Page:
In this world there are speakers and there are speakers.
There are those that inspire and lift you with their words, and those that seemingly have no message and prefer to share only their love for the sound of their own voice. There are speakers that want to share their dreams and others that send you to sleep. And then there are people who just hit the spot and through their words, your life is changed. Last Monday night I was lucky enough to meet one such speaker.
Erasmus School in Hawthorn was the location, and the speaker was Shane Mulhall, the head of the School of Philosophy in Ireland. What a pleasure to listen to the wisdom and humour of his words. He was an inspiration. His talk was titled 'Get a life'. I remain rattled by his words. It was the verbal shoulder shake that sometimes takes you by surprise and generally comes at just the right time.
He discussed life and our approach to it. He started with a list of questions. 84 in all. Do you love what you do? Do you wake in the morning enthusiastic about the day ahead? If you were to die tomorrow, would you be happy with what you had achieved, or would you regret inaction and a life of fear? He advised us to live a 'deathbed existence'. Imagine every day is the last and live it fully. Find those things which fill you with fear and do them... and eventually, you will fear nothing. Find your 'thing' - the thing in life that drives you, that is your gift and live it. His advice - Do what you love and fill your life with challenge. Continually extend yourself by doing new and amazing things. Welcome change. To do anything else is to live a lie.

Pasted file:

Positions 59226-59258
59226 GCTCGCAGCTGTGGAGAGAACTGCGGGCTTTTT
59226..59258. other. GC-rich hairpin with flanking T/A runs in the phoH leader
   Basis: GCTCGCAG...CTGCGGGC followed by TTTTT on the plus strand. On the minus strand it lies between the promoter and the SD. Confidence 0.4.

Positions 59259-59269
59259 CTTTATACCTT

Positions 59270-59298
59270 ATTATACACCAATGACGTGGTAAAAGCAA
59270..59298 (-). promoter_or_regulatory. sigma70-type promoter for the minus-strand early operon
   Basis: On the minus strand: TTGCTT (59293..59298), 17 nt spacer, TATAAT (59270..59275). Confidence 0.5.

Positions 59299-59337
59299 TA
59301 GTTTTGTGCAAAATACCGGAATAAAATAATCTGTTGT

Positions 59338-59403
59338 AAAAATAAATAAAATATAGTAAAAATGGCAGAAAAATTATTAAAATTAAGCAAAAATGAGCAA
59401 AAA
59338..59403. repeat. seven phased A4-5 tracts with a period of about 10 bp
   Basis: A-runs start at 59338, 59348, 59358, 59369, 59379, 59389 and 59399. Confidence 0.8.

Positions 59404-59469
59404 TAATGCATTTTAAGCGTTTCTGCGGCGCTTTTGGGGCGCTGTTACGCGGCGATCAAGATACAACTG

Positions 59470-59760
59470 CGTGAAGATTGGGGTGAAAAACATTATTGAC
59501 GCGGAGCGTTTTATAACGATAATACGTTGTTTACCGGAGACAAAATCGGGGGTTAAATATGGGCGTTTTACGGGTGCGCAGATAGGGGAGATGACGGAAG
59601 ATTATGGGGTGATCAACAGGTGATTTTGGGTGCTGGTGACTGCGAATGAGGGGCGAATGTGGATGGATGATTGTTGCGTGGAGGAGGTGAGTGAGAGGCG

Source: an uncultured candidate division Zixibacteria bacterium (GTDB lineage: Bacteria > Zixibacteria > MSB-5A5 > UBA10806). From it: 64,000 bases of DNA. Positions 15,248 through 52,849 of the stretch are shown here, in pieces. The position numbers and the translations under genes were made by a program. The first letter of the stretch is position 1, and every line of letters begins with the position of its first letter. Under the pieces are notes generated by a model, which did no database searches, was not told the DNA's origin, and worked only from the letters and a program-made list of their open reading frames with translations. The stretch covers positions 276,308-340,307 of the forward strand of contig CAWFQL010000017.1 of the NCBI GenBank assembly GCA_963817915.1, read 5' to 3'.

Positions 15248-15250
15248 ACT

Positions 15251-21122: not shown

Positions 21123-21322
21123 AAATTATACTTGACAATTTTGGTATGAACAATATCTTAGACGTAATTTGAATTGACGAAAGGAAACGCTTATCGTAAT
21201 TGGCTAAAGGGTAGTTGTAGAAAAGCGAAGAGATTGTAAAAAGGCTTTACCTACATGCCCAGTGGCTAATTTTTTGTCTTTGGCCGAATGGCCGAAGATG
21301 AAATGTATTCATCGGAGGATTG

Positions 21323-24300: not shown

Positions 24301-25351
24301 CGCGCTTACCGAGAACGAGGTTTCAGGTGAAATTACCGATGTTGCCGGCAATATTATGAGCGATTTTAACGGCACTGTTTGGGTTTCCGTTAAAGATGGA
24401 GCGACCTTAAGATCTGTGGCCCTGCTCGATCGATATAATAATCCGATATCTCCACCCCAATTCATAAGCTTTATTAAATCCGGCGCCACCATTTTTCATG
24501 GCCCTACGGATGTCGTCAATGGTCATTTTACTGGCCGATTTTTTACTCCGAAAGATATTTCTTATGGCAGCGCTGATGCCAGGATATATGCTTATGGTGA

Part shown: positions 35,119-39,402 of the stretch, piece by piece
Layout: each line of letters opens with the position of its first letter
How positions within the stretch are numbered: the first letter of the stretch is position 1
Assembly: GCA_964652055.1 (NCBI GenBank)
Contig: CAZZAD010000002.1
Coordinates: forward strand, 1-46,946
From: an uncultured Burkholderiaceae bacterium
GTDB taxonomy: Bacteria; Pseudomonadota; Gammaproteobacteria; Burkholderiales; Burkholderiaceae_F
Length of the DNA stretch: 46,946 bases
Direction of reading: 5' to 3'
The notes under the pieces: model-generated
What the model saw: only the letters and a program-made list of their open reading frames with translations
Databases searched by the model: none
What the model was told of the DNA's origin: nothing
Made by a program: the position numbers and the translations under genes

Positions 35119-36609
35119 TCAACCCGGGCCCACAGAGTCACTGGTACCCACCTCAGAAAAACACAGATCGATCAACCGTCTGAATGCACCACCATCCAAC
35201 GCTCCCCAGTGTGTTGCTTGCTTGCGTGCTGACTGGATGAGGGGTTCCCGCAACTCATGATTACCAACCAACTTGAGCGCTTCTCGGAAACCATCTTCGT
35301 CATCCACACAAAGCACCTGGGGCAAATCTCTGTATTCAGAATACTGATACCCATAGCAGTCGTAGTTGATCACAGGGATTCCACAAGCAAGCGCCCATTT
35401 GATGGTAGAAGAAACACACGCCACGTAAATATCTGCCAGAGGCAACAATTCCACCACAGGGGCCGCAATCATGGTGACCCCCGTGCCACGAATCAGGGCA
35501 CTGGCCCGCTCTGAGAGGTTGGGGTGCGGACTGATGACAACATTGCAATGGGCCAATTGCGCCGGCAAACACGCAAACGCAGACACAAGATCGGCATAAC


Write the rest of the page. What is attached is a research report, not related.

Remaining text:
He spoke for nearly an hour until we had a break and then returned to an hour of questions. During all of this time, despite uncomfortable chairs, an overheated room and the late hour, every person in that hall remained totally focused on him. Our group of maybe 500 or more remained captivated. He kept us enthralled the entire time.
Question time was equally impressive. He considered each question carefully, each time taking a brief pause before answering and he responded with incredible insight. He included personal anecdotes and humour. He was honest and sensitive. Confronting sometimes. It was personal and honest. He spoke of how he lives and he made it all seem possible. In fact, to live doing what we love is our obligation... in all aspects of our lives.